---   IrDA protocols
        [*]   IrLAN protocol (NEW)
        [*]   IrCOMM protocol (NEW)
        [*]   Ultra (connectionless) protocol (NEW)

There are a wide range of different types of IrDA devices, some serial, some PCI, and others based on USB. To select the specific type of IrDA device you have, choose it under the driver submenu for IrDA:

Networking
    [*] Networking support
        --- IrDA (infrared) subsystem support
              Infrared-port device drivers
              --- SIR device drivers
              [ ] IrTTY (uses Linux serial driver)
              --- Dongle support
              --- Old SIR device drivers
              --- Old Serial dongle support
              --- FIR device drivers
              [ ] IrDA USB dongles
              [ ] SigmaTel STIr4200 bridge (EXPERIMENTAL)
              [ ] NSC PC87108/PC87338
              [ ] Winbond W83977AF (IR)
              [ ] Toshiba Type-O IR Port
              [ ] SMSC IrCC (EXPERIMENTAL)
              [ ] ALi M5123 FIR (EXPERIMENTAL)
              [ ] VLSI 82C147 SIR/MIR/FIR (EXPERIMENTAL)
              [ ] VIA VT8231/VT1211 SIR/MIR/FIR

Bluetooth

Bluetooth is a wireless technology that was created to replace IrDA to talk between devices over a very short distance. It is a short-range wireless technology that was designed as a replacement for cables and operates within a 10 meter radius and is commonly used in mobile phones.

Bluetooth is a network protocol, so it can be found under the networking main menu:

Networking
    [*] Networking support
    [*]   Bluetooth subsystem support

There are two main protocol selections for Bluetooth. Both of these should be enabled in order to work with all types of Bluetooth devices:

Networking
    [*] Networking support
        --- Bluetooth subsystem support
        [*]   L2CAP protocol support
        [*]   SCO links support

There are relatively few individual Bluetooth devices drivers available, because almost all of these devices follow the Bluetooth specification detailing how devices should operate. The drivers marked in the following list must be selected in order for Bluetooth to work with the device:

Networking
    [*] Networking support
        --- Bluetooth subsystem support
            Bluetooth device drivers
                [M] HCI USB driver
                [*]   SCO (voice) support
                [ ] HCI UART driver
                [M] HCI BCM203x USB driver
                [M] HCI BPA10x USB driver
                [ ] HCI BlueFRITZ! USB driver
                [ ] HCI DTL1 (PC Card) driver
                [ ] HCI BT3C (PC Card) driver
                [ ] HCI BlueCard (PC Card) driver
                [ ] HCI UART (PC Card) device driver
                [ ] HCI VHCI (Virtual HCI device) driver

Wireless

Wireless networking is very popular, with almost all modern laptops having a built-in wireless network device. Linux supports a wide range of wireless drivers, with more being added every week. To determine whether you have a PCI wireless device on the system, and what type it is, run the following command:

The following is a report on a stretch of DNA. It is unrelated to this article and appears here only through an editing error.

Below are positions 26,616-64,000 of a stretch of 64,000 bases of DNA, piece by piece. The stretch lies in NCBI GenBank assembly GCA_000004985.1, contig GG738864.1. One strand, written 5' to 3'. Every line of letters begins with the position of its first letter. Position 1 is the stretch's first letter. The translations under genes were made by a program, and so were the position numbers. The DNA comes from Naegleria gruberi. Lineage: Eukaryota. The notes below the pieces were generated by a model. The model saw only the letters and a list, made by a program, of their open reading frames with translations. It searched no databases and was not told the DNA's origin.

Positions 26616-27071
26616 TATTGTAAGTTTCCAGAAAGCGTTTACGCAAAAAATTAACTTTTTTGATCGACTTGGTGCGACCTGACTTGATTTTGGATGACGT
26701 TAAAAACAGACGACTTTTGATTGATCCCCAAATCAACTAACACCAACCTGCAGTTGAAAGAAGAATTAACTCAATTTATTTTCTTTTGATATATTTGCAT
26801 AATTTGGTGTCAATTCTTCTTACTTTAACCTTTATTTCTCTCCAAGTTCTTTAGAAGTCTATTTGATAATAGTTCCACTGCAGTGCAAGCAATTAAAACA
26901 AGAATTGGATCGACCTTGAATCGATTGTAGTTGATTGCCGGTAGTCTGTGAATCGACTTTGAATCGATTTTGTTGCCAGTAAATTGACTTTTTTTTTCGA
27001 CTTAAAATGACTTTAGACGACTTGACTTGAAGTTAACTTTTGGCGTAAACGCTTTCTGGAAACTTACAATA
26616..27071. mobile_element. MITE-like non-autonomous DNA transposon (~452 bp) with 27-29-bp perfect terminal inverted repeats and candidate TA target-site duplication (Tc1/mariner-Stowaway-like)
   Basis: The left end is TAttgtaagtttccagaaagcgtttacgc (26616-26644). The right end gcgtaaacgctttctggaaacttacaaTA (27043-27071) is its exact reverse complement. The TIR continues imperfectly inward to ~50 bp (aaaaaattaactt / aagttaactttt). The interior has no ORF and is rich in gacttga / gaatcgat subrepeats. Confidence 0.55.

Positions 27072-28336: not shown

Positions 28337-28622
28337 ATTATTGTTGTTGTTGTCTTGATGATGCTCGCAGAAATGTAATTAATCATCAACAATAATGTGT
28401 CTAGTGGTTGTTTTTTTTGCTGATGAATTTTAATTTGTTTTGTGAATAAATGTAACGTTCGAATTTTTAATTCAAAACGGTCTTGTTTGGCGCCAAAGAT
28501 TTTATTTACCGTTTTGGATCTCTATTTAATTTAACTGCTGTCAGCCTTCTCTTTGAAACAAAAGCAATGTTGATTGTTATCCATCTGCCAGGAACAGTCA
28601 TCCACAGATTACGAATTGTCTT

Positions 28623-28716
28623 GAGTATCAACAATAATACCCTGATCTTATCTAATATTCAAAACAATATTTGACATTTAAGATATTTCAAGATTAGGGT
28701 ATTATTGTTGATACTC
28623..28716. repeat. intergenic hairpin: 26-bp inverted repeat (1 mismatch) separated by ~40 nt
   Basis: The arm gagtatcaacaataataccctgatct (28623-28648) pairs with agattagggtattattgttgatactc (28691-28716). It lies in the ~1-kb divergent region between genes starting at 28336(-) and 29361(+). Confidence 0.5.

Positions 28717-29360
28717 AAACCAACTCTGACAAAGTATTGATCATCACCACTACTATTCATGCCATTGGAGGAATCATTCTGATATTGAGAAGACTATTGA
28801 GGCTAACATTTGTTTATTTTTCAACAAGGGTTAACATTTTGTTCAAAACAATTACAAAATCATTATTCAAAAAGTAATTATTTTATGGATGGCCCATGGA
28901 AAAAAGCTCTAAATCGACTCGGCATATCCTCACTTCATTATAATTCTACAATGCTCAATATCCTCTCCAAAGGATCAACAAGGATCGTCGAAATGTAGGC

$ 
/usr/sbin/lspci | grep -i wireless

06:05.0 Network controller: Intel Corporation PRO/Wireless 2915ABG MiniPCI Adapter (rev 05)

Note that your response will probably not be identical; what is important is that the command shows some PCI Wireless devices.

To enable wireless support in Linux, the IEEE 802.11 network configuration option must be enabled (802.11 is the number of the wireless specification that all these devices follow.)

Networking
    [*] Networking support
    [*]   Generic IEEE 802.11 Networking Stack

Also enable the different 802.11 protocol options, and the "Software MAC" option to provide full support for all different types of wireless devices in Linux:

Networking
    [*] Networking support
    [*]   Generic IEEE 802.11 Networking Stack
    [*]     IEEE 802.11 WEP encryption (802.1x)
    [M]     IEEE 802.11i CCMP support
    [M]     IEEE 802.11i TKIP encryption
    [M]     Software MAC add-on to the IEEE 802.11 networking stack

Support for the different PCI types of wireless network devices is found under the Network driver section of the configuration:

Device Drivers
    Network device support
        Wireless LAN (non-hamradio)
            [*] Wireless LAN drivers (non-hamradio) & Wireless Extensions
            [*]   Wireless Extension API over RtNetlink

There is a wide range of different PCI drivers in this section. Select the proper one depending on the device you have.

The USB wireless networking device drivers are in a different section of the configuration:

Device Drivers
    USB Support
        USB Network Adapters